The rationale and indications (Table 3) for pVAD in high-risk acute myocardial infarction (AMI) without CS are described in the Supplementary material online. In high-risk AMI, unloading of the left ventricle can be initiated prior to reperfusion in order to rapidly reduce wall tension and potentially reduce myocardial damage.19,20 No data from randomized trials or long-term outcomes of a pre-emptive unloading strategy are available, however, the DTU (Door to Unload) trial is currently enrolling patients (Table 3).
Left-sided pVAD in cardiogenic shock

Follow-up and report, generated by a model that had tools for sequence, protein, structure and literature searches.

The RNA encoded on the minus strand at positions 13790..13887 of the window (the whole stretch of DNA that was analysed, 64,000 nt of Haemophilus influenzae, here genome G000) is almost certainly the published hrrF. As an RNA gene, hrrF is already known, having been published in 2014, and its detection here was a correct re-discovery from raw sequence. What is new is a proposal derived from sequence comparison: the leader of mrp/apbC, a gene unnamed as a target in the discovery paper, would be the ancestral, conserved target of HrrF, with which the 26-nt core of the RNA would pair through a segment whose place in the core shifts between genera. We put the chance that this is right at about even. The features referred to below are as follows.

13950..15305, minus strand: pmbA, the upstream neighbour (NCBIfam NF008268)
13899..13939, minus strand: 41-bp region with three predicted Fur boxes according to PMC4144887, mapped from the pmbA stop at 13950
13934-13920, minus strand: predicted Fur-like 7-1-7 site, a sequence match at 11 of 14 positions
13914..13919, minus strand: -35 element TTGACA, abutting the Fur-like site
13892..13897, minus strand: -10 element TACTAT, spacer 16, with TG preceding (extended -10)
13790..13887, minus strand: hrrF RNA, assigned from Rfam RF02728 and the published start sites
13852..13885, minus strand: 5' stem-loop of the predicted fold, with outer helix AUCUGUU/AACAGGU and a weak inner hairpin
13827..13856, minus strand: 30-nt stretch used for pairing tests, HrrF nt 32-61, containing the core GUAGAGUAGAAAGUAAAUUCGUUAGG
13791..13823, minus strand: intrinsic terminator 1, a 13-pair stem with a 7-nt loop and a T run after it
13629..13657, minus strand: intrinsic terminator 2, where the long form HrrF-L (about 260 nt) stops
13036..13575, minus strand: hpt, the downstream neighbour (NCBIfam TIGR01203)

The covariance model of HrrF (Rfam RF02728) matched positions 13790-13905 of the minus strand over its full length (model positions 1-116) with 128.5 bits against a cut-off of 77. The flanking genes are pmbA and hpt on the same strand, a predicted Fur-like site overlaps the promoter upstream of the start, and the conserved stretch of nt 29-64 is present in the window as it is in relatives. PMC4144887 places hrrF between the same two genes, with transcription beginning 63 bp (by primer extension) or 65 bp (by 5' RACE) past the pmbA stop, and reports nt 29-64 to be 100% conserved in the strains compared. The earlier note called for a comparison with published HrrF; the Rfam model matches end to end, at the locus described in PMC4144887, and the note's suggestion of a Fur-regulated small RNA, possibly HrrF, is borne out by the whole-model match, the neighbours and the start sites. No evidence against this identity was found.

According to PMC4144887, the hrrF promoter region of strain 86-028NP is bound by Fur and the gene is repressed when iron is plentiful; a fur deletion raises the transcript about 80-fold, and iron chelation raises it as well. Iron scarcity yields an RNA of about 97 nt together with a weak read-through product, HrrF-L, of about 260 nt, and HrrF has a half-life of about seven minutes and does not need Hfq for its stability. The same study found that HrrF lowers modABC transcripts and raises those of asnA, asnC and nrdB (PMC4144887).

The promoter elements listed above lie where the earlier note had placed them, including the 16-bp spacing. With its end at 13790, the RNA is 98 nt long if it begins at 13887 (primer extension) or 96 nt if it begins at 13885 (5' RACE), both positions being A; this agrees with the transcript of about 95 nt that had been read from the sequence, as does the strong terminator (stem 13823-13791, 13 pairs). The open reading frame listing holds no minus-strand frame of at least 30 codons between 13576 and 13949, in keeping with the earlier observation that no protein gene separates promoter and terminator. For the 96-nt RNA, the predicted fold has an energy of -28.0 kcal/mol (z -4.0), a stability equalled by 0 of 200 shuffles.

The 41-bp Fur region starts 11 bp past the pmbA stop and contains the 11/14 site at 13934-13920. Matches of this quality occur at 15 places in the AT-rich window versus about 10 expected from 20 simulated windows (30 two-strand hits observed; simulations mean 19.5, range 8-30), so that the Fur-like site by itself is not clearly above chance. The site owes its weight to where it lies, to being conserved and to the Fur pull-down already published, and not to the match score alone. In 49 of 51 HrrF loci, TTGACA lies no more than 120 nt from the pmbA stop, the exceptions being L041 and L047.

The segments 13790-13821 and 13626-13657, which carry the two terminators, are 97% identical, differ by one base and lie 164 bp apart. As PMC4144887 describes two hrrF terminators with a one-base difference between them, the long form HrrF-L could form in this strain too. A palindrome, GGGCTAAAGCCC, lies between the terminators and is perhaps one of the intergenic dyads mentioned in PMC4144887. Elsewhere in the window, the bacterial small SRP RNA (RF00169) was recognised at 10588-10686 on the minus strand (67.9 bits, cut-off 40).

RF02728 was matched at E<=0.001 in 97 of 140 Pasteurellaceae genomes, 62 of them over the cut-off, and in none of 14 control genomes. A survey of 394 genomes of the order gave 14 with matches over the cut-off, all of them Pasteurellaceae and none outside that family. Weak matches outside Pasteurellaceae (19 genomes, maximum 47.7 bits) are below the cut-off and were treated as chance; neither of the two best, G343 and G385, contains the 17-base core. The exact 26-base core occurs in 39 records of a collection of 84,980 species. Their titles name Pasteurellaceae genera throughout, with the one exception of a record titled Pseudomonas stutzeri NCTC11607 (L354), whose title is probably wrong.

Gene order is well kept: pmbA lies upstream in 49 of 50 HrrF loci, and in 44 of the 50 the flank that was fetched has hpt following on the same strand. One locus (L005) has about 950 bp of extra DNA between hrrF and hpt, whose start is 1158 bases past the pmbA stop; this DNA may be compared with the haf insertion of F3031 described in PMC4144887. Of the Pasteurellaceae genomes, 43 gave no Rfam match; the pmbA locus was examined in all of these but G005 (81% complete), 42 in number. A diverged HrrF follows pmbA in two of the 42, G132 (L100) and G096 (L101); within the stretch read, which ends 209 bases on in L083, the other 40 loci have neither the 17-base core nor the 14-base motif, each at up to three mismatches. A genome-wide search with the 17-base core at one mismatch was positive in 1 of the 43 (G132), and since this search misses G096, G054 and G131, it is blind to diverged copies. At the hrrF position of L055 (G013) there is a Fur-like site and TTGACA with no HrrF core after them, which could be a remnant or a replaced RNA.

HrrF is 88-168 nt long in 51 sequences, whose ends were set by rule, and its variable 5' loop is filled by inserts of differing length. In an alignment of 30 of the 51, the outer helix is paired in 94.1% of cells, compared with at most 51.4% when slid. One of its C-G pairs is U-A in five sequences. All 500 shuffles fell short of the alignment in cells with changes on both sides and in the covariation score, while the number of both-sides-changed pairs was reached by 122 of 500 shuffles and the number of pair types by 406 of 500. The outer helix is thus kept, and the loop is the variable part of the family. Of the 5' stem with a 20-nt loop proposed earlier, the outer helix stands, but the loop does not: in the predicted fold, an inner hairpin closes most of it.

The rationale and indications (Table 4) for pVAD in CS are described in the Supplementary material online. Left-sided pVADs primarily aim to restore CO in patients with CS or in case of refractory cardiac arrest. There are, however, no randomized clinical trials addressing optimal timing or selection of pVAD in CS. Outside the cardiac arrest setting, usual practice is to initiate pVAD in CS as soon as possible, and before the onset of multi-organ failure. In patients with CS complicating AMI, registry data (uncontrolled and with inherent selection bias) suggest higher survival rates with device placement before revascularization than after in patients with AMI and CS.27 These findings have been supported by preclinical data.20 Recent data in a larger cohort of CS patients have challenged the concept of pre-emptive device placement.34 Until high-quality data are available, decisions regarding the timing of pVAD initiation (as with every pMCS), are therefore based on the risk/benefit assessment, including severity of shock and the burden of comorbidity, as evaluated by the multidisciplinary shock team.